But it wasn’t the economic downturn that solely caused the three Pasadena auto dealerships to close.  Rather, it was failure of auto dealers to relocate adjacent to the new 210-Freeway after the western segment was completed in 1976.  Those auto dealers that remained along Colorado Boulevard in Pasadena — the famed route of the annual Rose Parade — mostly died for lack of freeway exposure.  The Housing Bubble artificially kept them alive for three decades.  But poor locations and bad management resulted in their ultimate closing when the economy collapsed.

Another contributing factor in the closure of auto dealerships in Pasadena was the failure of city planners to re-zone enough land to commercial use along the new 210-Freeway after 1976.

The Rusnak auto dealerships have been able to weather the lack of freeway exposure because they cater to a niche market of upscale autos: Audi, BMW, Jaguar, Mercedes Benz, Porsche, Rolls-Royce, Bentley and Volvo.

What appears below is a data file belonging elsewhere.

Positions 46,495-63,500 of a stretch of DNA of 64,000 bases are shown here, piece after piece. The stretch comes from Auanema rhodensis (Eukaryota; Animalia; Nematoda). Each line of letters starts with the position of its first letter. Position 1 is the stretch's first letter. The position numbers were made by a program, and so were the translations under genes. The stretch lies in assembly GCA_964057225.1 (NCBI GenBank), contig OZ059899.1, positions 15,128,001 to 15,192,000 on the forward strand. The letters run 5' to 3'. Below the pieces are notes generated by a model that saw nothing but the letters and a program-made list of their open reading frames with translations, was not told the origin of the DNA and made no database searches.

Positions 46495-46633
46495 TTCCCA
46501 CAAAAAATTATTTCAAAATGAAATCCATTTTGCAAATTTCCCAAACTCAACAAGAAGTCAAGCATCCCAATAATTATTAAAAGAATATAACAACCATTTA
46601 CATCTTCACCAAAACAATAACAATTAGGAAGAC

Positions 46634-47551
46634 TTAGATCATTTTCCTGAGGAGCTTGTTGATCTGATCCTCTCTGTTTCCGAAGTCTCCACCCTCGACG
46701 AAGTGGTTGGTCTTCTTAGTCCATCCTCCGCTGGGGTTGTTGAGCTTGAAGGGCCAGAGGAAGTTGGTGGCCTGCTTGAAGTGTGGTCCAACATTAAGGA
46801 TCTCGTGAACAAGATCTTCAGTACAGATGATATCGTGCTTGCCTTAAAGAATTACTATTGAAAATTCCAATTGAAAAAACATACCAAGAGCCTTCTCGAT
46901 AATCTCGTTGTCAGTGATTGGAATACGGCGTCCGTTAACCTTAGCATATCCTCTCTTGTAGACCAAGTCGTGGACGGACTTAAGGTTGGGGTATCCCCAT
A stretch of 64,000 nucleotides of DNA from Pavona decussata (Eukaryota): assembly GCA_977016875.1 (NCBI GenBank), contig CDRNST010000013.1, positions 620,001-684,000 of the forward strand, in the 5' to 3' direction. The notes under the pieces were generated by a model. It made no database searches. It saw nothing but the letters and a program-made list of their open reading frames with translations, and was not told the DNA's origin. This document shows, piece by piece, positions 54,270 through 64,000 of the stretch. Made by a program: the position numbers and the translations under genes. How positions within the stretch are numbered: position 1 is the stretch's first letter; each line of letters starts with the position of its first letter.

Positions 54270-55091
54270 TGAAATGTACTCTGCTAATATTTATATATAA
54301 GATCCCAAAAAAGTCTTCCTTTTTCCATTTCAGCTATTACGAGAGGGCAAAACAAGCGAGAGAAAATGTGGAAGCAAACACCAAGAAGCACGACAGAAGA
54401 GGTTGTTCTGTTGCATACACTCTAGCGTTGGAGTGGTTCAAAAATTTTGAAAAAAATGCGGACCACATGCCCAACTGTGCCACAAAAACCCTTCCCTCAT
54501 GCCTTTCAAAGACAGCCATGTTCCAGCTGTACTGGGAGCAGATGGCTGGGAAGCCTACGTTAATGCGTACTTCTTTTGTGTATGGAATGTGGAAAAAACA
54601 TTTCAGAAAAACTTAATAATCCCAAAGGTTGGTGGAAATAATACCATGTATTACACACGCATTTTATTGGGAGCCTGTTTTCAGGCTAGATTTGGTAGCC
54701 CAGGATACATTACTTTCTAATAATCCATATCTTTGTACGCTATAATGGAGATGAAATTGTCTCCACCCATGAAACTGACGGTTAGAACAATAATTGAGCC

The nearby City of Arcadia stripped its redevelopment agency of the power of eminent domain to condemn more land for the Rusnak dealership in their city due to the popularity of a local mom and pop restaurant — “Rod’s Grill” — located on adjacent land.  Eventually, Rusnak was able to buy two acres of nearby land for expansion without having to use eminent domain.

Would Rusnak desire to restore redevelopment agencies that have been shut down by Gov. Jerry Brown and the Legislature?  Or would she advocate re-opening redevelopment agencies at the expense of robbing property taxes from public schools?  There are no solutions in public policy, only tradeoffs.

Affordable Housing or Auto Dealerships?

One of the reasons that not enough land along the 210 Freeway was zoned for residential use, rather than commercial, is the State of California’s affordable housing mandate.  California requires each city to file a Housing Element, including zoning land for affordable housing. What California’s so-called affordable housing law does is require the building of brand new affordable housing rather than counting older housing stock as affordable.  Affordable housing mandates are a way that local communities get around NIMBY resistance — “Not In My Back Yard!”